The best arguments against secular atheism and for Christianity are not made in the ivory tower; they're made at street level in every day life. Larry Taunton calls it the "grace effect."
I'll bet you when most people think about the Christian view of sex, a whole host of "thou shalt nots" pops into their minds. And that's a shame.
The busyness being complained about is "almost always...self-imposed: work and obligations they've taken on voluntarily, classes and activities they've 'encouraged' their kids to participate in."
The pro-choice worldview's logical conclusion is there for all to see: In order to maintain the supreme good of a woman's choice, pro-choicers must always and everywhere deny the humanity of the unborn child. Even when their own eyes tell them otherwise.
Evangelical Christians are in danger of tragically misapplying the gospel. It's a mistake we've seen before.
C'mon, is so-called gay "marriage" really a threat to religious freedom? Seriously? Christians are often asked by gay activists why they oppose same-sex "marriage." "How does our marriage hurt you?" they ask.
Expecting parents may soon be able to find out the complete genetic makeup of their baby in utero. But should they?
God's response to suffering and the doubt it produces did not consist of words and finely-crafted arguments but of a person, Jesus Christ. While Buddhism, for example, offers insight into the nature of suffering and its origins, Christianity offers a God who lived and died as one of us and then rose from the dead.
Is it possible that you, as a believer, and your friend, who is a non-believer, could be searching for exactly the same thing?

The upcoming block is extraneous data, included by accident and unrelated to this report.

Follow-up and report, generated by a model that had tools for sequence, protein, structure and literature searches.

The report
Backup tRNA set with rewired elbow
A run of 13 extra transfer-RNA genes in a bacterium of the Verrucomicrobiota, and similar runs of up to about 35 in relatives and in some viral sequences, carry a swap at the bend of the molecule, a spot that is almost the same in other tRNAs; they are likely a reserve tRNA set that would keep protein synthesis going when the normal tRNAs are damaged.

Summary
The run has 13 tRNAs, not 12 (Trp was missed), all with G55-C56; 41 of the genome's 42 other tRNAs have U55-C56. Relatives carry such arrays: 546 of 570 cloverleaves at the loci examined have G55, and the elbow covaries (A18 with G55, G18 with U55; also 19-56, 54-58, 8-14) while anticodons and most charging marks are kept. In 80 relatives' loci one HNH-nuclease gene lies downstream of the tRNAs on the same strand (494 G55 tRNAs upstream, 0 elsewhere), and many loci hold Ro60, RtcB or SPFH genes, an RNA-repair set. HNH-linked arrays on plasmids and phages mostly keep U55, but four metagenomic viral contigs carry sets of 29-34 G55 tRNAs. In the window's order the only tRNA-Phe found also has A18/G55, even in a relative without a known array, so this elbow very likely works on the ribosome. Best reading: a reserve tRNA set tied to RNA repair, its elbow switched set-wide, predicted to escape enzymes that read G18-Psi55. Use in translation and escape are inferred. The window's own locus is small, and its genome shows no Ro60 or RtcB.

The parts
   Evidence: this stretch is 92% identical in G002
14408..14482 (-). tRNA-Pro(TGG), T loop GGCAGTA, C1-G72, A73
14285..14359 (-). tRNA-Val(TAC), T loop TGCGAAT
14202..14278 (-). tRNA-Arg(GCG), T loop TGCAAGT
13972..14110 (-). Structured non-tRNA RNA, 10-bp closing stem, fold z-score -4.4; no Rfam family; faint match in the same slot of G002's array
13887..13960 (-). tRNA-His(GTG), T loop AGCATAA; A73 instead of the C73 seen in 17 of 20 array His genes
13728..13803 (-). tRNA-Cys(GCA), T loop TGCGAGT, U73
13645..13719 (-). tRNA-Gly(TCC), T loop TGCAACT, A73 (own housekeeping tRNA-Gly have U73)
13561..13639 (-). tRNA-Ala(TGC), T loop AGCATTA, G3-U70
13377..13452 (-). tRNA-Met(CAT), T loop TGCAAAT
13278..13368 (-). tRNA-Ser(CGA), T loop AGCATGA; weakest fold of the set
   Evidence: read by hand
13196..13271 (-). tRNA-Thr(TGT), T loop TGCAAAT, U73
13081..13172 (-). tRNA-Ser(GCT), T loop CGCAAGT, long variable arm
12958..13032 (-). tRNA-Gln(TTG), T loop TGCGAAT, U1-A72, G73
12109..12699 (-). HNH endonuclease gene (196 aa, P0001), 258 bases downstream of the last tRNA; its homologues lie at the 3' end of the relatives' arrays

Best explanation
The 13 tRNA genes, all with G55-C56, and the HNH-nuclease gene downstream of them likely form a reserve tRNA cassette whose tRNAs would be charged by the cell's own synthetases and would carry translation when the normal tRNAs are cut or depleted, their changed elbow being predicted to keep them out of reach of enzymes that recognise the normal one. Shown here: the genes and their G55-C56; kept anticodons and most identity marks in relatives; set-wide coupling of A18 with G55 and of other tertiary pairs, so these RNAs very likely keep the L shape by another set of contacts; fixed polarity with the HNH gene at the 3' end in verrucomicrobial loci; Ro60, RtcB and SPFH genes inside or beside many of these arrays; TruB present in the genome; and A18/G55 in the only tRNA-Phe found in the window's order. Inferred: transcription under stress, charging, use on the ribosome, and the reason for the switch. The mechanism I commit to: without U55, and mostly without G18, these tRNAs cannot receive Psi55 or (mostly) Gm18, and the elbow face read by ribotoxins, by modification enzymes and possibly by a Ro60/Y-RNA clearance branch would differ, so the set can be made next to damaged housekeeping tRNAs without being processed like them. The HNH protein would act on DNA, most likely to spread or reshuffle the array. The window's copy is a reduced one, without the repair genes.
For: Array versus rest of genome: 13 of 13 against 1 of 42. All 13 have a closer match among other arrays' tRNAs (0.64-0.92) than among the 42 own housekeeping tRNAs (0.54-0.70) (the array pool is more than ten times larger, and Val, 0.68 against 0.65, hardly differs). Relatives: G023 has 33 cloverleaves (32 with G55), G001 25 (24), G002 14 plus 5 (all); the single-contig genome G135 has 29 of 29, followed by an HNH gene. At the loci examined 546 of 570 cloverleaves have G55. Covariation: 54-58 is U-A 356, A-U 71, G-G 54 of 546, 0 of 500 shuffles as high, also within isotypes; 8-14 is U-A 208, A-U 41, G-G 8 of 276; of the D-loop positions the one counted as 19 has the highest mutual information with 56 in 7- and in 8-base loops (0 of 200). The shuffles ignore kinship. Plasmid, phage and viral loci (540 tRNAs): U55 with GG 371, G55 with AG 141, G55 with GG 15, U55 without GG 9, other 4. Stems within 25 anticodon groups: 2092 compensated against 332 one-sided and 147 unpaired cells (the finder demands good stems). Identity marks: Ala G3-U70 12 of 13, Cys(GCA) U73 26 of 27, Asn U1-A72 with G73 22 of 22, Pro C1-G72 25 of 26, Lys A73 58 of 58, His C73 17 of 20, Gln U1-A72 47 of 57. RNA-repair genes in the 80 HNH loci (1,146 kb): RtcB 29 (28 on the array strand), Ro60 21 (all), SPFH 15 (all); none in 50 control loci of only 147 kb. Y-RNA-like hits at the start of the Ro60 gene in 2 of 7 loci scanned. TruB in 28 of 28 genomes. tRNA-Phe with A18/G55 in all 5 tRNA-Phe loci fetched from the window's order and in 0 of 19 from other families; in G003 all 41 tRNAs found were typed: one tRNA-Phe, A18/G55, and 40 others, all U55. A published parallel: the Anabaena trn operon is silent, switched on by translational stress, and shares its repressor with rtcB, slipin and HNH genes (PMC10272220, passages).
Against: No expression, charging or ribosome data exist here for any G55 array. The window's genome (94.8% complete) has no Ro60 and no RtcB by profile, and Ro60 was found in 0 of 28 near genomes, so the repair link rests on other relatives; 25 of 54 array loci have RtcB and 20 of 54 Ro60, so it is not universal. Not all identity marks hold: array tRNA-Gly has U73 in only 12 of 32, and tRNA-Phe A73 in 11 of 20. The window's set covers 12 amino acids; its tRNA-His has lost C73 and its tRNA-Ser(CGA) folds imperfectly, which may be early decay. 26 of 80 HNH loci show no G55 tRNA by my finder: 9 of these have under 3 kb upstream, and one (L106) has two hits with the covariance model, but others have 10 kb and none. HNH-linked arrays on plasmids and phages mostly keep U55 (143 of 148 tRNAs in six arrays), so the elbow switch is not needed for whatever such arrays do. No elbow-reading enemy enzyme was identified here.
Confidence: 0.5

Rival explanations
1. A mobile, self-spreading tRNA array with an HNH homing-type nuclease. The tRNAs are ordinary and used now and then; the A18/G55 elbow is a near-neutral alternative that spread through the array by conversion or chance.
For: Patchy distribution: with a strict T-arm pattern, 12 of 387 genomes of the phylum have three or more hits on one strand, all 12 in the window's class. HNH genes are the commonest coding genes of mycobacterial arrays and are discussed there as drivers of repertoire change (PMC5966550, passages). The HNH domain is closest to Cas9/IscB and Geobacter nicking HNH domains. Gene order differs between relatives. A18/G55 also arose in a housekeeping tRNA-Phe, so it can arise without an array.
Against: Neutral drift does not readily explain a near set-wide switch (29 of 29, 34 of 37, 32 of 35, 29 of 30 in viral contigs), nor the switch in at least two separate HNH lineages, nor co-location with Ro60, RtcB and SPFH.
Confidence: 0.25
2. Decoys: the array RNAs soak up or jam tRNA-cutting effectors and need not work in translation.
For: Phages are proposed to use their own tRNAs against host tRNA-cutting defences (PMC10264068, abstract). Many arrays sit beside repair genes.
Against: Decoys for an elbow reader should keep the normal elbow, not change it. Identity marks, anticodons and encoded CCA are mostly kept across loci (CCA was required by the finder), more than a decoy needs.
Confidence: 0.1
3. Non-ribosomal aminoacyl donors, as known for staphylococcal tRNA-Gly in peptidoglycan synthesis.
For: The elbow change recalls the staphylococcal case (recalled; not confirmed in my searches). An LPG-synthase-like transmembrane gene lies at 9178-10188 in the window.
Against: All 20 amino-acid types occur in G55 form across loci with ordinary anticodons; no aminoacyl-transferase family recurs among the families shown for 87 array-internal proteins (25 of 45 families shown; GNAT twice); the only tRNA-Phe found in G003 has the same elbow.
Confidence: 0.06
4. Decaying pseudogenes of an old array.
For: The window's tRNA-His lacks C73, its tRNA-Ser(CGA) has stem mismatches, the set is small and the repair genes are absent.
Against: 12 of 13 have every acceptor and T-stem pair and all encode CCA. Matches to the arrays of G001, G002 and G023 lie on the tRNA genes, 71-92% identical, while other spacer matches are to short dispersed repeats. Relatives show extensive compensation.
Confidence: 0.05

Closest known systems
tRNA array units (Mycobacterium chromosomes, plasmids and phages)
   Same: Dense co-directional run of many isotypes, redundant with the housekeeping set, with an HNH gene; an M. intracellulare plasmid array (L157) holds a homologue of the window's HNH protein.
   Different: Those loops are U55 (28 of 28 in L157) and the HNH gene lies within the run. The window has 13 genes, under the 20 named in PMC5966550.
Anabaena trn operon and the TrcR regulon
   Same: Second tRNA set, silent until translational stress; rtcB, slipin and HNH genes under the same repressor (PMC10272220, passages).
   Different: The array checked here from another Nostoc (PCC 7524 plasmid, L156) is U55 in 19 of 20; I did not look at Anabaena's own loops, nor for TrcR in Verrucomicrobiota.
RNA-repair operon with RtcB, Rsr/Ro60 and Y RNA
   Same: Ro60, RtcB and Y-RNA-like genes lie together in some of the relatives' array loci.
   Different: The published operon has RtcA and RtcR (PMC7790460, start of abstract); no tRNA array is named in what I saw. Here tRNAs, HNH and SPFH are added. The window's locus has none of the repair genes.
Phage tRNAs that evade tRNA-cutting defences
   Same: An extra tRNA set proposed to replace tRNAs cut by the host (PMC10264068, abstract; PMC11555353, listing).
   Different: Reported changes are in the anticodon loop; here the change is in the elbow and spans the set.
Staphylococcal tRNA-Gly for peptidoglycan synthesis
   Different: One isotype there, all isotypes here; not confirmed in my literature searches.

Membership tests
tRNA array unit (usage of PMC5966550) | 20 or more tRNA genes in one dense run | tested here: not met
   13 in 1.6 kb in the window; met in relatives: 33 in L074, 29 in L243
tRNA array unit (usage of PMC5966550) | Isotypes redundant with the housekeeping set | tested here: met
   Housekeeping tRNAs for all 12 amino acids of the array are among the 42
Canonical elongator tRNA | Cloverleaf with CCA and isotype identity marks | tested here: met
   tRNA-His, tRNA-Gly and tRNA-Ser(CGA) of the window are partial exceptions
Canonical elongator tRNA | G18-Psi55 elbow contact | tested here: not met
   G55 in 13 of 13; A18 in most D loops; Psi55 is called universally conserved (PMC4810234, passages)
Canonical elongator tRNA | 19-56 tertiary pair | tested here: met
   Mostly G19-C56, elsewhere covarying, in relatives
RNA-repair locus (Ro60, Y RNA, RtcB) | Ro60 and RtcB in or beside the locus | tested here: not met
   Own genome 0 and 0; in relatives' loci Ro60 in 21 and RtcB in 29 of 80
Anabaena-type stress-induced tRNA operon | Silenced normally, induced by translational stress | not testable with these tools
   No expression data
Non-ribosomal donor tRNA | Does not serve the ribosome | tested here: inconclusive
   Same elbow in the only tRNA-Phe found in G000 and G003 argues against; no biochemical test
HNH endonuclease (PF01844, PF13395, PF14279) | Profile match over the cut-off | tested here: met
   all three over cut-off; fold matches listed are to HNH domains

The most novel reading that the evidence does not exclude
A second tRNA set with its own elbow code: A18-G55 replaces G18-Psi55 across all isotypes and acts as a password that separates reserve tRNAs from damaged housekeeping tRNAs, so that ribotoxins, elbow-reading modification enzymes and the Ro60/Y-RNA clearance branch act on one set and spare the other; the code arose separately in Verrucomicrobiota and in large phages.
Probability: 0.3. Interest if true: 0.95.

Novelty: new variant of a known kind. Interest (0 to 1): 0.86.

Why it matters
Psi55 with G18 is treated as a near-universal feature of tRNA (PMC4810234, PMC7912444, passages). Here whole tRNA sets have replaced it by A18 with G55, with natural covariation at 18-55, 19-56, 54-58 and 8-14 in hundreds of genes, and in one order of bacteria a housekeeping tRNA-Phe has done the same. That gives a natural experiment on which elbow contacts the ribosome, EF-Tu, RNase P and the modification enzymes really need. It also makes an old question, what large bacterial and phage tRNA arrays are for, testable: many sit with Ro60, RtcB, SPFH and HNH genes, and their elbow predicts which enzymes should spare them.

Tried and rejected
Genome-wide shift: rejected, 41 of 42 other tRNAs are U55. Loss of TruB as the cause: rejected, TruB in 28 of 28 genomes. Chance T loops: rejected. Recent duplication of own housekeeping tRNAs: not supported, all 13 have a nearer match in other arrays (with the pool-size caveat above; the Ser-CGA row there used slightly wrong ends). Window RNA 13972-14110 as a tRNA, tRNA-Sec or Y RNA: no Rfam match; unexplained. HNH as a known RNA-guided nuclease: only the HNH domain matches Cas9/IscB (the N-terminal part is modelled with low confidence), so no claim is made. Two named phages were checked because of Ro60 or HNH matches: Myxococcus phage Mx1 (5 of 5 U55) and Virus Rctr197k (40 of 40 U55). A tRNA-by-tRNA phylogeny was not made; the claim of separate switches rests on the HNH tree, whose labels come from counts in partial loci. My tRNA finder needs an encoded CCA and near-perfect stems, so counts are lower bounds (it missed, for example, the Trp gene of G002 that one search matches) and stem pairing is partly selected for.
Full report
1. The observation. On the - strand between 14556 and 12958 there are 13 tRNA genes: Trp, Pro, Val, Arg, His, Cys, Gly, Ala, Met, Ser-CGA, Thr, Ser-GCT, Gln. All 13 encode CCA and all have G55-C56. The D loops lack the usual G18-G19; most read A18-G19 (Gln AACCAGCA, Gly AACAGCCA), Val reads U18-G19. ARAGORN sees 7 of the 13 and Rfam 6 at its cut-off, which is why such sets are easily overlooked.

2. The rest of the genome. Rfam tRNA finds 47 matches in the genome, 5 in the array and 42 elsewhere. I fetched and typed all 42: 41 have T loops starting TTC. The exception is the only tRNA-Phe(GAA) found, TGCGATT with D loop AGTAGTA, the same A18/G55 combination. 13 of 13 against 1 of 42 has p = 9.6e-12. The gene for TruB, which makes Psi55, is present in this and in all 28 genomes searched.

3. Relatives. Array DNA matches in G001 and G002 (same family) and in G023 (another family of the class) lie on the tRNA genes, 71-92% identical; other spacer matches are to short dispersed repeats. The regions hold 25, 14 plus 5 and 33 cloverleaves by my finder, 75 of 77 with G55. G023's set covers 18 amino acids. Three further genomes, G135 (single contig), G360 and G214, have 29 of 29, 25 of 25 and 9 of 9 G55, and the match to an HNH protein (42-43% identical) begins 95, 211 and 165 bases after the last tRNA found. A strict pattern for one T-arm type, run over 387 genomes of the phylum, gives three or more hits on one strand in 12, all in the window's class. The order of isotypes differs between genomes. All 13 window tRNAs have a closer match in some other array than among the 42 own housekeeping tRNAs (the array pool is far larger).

Would a Western government fund a coercive sterilization program in a Third World country, all in the name of combatting climate change? Sure it would.
Temperance is one of the four cardinal virtues, which the ancients saw as character qualities necessary for people to live a truly good life. It would help to know what temperance is in the first place — and, incredibly, we don't!
Should Christians try to help homosexuals who want to change their sexual orientation? Why is that even a question?
In the newly released film, "The Dictator," the title character is played by shock comedian Sacha Baron Cohen. In one scene, the dictator is informed by his wife that she is pregnant; to which he replies: "Are you having a boy or an abortion?" Yikes!
We've all seen the statistics and heard the stories: Good Christian kids go to college, grow disillusioned, and leave the faith. In his new book, "You Lost Me: Why Young Christians Are Leaving Church . . . and Rethinking Faith," David Kinnaman writes, "Overall, there is a 43 percent drop-off between the teen and early adult years in terms of church engagement."
Popular culture, with its emphasis on the new and immediate, reliance on instant accessibility and the casual, time-killing way it is usually consumed, is changing us — and not for the better: We are becoming less reflective, more impatient and easily-bored.
Is there anything wrong with a little mindless entertainment? Well, maybe not, but too many of us are engaging in a lot more than just a little of it.
Why should we care about how human corpses are treated? Your answer depends on your worldview.
How has the nation's oldest Catholic University responded to the HHS mandate? I almost don't want to tell you.
Popular culture, including "Will and Grace," has shaped the way Americans feel about same-sex relationships.
For many of today's spiritual seekers, life is a big buffet: Take a little of this, a little of that. But how nourishing is this spiritual smorgasbord?
Americans recently got a lesson in hypocrisy -- and of how dangerous it can be to redefine words.
The whole world loves a good escape story. But in the case of a certain Chinese dissident, the world needs to hear the rest of the story.
It's like the Sinatra song: If Christianity can make it there, it can make it anywhere. I'm talking about New York, New York, my home town.
Apart from Watergate, Chuck is best-known for his ministry to prisoners. But to say that Chuck ministered to prisoners is to miss the point almost entirely.
I'm not old enough to remember Chuck as a controversial political figure during Watergate, so I have always thought of him mainly as an inspiring Christian leader.